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Personal Prayers

March 2006

Dear Friends,

The time we spent comparing Martha and Mary with ourselves got to many of us. There they were with this incomparably wonderful Visitor and - so understandably but regrettably - Martha was distracted by all the preparations she was busy making to help him.

It is all too possible to leave God in the very process of serving him. Busyness in the king’s business is no excuse for neglecting the king.

What one thing is needful? We wondered if Jesus was referring to Psalm 27.4. Amidst enemies and all sort of distractions and worries (v. 2 & 3), the Psalmist asked the Lord for one thing: to dwell in his house, to gaze upon his beauty and to seek him. That is what would keep him safe, above his enemies and full of joy (v. 5,6).

Well, how are we to do this? Here is one way, if getting back to Psalm 27.4 living is on your heart.

Stop, consider the shape of your day and decide when is the best quality time for you to engage in the following.

1. Greet God aloud and briefly praise and worship him. Ask his help to make this a real time and not to daydream.

2. Have a good hymn for the week and sing or say it to him. Find some way of meaning the words rather than saying them with the mind in neutral. For myself this might involve stopping singing and, bearing in mind that God is in the room, placing a seat opposite me and reverently saying the words to God as though he were visible in the seat.

3. If necessary, briefly confess any definite sins of commission or omission and then leave them resolutely behind, for ever.

4. Read a few paragraphs of a spiritual classic or other helpful book. For example, read just enough of Pilgrim’s Progress, Augustine’s Confessions or the like to have a unit of truth to savour.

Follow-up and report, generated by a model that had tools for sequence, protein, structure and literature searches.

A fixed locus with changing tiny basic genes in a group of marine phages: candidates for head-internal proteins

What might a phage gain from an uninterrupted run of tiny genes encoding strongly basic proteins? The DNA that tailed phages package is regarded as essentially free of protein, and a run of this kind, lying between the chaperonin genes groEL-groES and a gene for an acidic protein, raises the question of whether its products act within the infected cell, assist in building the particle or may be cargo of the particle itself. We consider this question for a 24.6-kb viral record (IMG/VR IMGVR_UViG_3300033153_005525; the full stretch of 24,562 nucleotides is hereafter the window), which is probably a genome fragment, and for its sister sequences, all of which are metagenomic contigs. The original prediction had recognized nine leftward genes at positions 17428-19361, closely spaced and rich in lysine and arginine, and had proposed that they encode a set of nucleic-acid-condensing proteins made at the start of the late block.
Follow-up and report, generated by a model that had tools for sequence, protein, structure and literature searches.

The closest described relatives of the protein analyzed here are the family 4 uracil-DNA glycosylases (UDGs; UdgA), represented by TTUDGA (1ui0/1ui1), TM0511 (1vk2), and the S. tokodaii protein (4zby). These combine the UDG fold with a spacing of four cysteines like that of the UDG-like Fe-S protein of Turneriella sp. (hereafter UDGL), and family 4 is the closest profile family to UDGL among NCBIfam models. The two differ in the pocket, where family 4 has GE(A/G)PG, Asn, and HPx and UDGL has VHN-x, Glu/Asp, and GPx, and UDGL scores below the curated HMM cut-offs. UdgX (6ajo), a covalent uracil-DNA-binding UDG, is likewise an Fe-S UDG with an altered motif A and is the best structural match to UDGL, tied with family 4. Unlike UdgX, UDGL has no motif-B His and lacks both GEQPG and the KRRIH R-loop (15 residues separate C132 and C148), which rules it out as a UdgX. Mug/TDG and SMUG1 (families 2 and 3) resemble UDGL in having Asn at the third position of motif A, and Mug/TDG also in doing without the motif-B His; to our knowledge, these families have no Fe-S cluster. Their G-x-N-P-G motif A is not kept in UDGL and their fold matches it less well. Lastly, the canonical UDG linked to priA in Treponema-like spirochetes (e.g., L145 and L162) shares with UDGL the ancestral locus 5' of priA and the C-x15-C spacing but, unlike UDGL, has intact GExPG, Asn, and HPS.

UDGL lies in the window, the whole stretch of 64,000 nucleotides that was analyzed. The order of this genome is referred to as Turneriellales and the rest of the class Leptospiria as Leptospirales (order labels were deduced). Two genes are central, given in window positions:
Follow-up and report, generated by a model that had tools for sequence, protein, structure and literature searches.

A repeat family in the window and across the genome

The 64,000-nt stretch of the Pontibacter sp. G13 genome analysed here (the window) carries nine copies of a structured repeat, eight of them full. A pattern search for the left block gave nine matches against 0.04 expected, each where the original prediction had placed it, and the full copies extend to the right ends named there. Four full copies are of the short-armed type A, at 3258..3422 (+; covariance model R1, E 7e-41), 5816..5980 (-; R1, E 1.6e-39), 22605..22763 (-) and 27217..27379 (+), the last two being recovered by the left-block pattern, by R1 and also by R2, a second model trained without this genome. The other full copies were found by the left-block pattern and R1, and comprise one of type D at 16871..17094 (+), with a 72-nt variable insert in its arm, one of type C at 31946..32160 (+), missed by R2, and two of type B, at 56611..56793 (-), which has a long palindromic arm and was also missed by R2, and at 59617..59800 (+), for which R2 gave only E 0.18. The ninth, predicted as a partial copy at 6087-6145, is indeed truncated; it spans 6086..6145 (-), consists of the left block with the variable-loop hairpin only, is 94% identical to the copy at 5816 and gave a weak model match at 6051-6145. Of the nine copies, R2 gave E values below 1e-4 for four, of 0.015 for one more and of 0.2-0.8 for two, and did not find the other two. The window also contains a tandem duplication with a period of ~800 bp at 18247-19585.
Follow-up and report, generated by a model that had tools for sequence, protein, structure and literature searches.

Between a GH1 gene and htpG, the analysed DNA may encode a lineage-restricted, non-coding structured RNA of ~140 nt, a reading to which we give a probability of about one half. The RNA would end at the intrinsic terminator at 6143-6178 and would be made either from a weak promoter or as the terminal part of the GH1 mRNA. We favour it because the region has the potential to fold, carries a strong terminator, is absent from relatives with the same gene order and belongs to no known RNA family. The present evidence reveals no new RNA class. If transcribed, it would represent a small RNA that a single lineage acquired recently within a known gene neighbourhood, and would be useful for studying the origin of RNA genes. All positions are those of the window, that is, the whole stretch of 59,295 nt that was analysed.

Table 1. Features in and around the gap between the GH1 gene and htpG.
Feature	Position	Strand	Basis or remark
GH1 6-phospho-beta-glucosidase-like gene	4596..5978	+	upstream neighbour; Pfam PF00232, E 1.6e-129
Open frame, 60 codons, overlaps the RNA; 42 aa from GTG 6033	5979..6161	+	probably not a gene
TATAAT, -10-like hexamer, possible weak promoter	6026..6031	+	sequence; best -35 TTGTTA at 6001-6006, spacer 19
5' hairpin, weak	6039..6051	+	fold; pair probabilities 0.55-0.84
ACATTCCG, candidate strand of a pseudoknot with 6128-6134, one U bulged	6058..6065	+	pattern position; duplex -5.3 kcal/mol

5. Read a section of scripture using some sort of system, whether ‘Lifelines’ as here in the Record, or any method of doing it in a way that is planned and systematic. Respond in prayer: that is why I add ‘Pray’ to each day’s note in Lifelines.

6. Pray for others, preferably on some sort of rota. A list of the congregation is available in 1-31 form for use month by month. Pray for each person the lesson that was in your day’s Bible reading.

7. Pray for your own concerns and day’s duties. Using others' prayers, especially at times of dryness, guilt or misery, widens our horizon and vocabulary and keeps us going.

8. Close in doxology: ‘Yours is the kingdom, the power and the glory for ever...’

And the ambition in all of this? I quoted JDC Anderson again: There is a passion for Jesus Christ which sets those who have it apart for ever from their fellows.

'The trouble with the rest of us is that (like Martha) we are content to dwell in Jerusalem without seeing the face of the king. We are hard at work for him: the freighted hours rush by, leaving us scarcely time to give a thought to the lover of our souls who is longing for our friendship.

'And when we do go into the audience chamber we are burdened with requests - business that must be put through, guidance we need here, help there. All important, all worthy, but - just business after all.

‘But now and again - at rare intervals - one meets with someone who, like Paul, has looked into the matchless face of Jesus and who henceforth sees nothing any more save the face of his Beloved. There is a radiance about such a one, a glory shining forth’ which they are almost certainly completely unaware of.

'It was Mary’s devotion to the person of Christ that led her instinctively and unerringly to do the thing that pleased him..

'In our zeal for the better, are we missing the best? The word of our Lord to us is still, "he that loveth me shall be loved by my Father, and I will love him and manifest myself to him.

‘There is reward for the obedient disciple, there are power and authority for the faithful disciple; but there is the whisper of his love, there is the joy of his presence, and the shining of his face for those who love him for himself alone. “To what profit is it that we dwell in Jerusalem, if we do not see the King’s face?”’

Yours sincerely,

C. Peter White

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